Good Friday

“Velykodn ‘ia Piatnytsia”, Good Friday, is a solemn time that commemorates the day our Lord was crucified.  This day is observed as a strict fast, so no meat or dairy products are consumed. No manual labor is allowed.  All conversation is done quietly.  Part of the services of that day includes the ancient custom of the Veneration of the Holy Shroud (“Plaschenytsia").  The Holy Shroud is a representation of the sheet that Christ was buried in following his death on the cross. The body of Jesus with His wounds is depicted, laying in repose, often pictured with other individuals who were part of the events of Good Friday, such as Joseph and Nicodemus, who took Jesus down from the cross.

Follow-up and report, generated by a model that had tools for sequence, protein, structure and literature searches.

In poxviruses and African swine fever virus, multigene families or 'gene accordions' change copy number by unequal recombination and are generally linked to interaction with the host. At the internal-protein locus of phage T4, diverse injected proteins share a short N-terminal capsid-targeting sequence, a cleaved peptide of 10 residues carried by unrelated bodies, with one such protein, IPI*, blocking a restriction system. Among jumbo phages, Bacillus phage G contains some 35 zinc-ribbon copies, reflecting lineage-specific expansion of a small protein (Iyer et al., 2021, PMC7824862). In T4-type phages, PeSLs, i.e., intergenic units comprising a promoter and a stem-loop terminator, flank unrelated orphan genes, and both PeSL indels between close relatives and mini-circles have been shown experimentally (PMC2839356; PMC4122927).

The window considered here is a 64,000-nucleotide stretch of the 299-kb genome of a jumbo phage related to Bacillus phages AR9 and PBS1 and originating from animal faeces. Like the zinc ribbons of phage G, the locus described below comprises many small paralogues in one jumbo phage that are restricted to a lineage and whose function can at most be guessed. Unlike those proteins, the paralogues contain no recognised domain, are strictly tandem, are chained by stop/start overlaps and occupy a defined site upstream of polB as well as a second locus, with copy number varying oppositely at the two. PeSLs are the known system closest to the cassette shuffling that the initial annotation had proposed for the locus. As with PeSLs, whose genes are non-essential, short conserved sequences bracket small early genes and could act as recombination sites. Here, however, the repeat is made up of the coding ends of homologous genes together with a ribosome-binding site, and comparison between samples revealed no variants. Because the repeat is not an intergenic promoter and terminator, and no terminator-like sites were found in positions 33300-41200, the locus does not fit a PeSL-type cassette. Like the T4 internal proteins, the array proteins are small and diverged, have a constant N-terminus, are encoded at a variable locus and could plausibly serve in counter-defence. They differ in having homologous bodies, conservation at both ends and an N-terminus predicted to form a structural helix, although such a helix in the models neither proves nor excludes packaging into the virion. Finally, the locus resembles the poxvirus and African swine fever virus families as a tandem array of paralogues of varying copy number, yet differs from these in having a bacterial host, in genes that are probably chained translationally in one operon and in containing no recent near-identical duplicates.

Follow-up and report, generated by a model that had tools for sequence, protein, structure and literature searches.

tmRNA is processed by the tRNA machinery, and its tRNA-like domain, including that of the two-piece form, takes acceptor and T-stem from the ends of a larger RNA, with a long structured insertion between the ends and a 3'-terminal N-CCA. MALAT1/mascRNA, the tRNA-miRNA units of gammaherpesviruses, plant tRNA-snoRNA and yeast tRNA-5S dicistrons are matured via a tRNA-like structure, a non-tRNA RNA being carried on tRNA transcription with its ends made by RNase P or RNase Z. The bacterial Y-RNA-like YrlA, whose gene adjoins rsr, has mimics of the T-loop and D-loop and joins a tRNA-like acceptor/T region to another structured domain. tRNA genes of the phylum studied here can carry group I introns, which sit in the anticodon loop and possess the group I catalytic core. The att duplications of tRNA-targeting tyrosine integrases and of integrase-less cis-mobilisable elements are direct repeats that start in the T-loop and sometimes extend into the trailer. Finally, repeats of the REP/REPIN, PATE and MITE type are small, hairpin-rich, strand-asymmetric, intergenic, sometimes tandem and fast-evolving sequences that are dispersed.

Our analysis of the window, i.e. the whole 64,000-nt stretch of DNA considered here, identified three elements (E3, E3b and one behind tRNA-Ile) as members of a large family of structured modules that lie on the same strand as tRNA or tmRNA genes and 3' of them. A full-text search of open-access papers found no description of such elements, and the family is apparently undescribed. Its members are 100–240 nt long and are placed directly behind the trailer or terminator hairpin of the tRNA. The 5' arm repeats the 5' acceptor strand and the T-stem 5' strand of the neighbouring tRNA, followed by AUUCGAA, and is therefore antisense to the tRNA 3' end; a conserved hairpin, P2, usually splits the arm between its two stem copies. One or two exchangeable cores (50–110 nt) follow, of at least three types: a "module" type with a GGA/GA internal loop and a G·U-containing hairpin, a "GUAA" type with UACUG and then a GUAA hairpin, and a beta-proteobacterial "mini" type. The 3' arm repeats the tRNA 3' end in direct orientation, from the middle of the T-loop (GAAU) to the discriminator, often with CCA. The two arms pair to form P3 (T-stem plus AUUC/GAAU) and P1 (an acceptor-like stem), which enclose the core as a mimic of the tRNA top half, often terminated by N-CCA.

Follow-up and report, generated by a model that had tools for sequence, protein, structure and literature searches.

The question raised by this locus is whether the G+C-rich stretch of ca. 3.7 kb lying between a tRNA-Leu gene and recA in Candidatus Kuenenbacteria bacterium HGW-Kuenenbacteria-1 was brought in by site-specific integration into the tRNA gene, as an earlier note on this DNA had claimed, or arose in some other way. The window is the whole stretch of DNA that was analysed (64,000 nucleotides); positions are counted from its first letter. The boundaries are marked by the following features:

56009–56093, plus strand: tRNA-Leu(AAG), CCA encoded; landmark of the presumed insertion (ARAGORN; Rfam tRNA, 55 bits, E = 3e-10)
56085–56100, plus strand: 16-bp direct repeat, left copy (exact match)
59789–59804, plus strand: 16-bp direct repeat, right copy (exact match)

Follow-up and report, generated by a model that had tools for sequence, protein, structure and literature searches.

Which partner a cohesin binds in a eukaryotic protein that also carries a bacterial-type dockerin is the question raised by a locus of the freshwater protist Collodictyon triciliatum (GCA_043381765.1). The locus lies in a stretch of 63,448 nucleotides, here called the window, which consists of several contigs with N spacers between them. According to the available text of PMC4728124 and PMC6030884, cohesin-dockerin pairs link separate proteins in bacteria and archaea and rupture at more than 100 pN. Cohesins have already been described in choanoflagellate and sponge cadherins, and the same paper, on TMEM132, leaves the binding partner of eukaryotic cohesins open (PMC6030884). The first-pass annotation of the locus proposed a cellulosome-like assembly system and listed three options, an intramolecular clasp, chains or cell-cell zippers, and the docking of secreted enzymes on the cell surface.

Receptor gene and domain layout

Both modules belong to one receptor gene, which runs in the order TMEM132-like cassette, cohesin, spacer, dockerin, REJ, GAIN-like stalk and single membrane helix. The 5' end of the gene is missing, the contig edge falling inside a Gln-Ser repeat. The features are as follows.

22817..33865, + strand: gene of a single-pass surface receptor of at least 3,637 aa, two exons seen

There is also a solemn procession around the church, lead by a worshipper carrying the Crucifix. In the procession, the elders of the parish carry the Holy Shroud, the priest carries the Holy Eucharist and the altar boys carry lighted candles and the wooden clappers. This procession is symbolic of the journey from Christ’s Crucifixion on Calvary to His Tomb. The procession reenters the front doors of the church and the Holy Shroud is placed on a representative tomb. The tomb is usually surrounded on three sides by candles, palms and flowers. As a show of devotion and adoration, the faithful approach the "Plaschenytsia" on their knees, make the Sign of the Cross and kiss all five wounds of Christ pictured on the Holy Shroud. The time between noon and three o’clock is known as the "Devotion of Three Hours”.  During that time, members of families and church organizations take turns keeping vigil as guards of honor at the Holy Grave.

Holy Saturday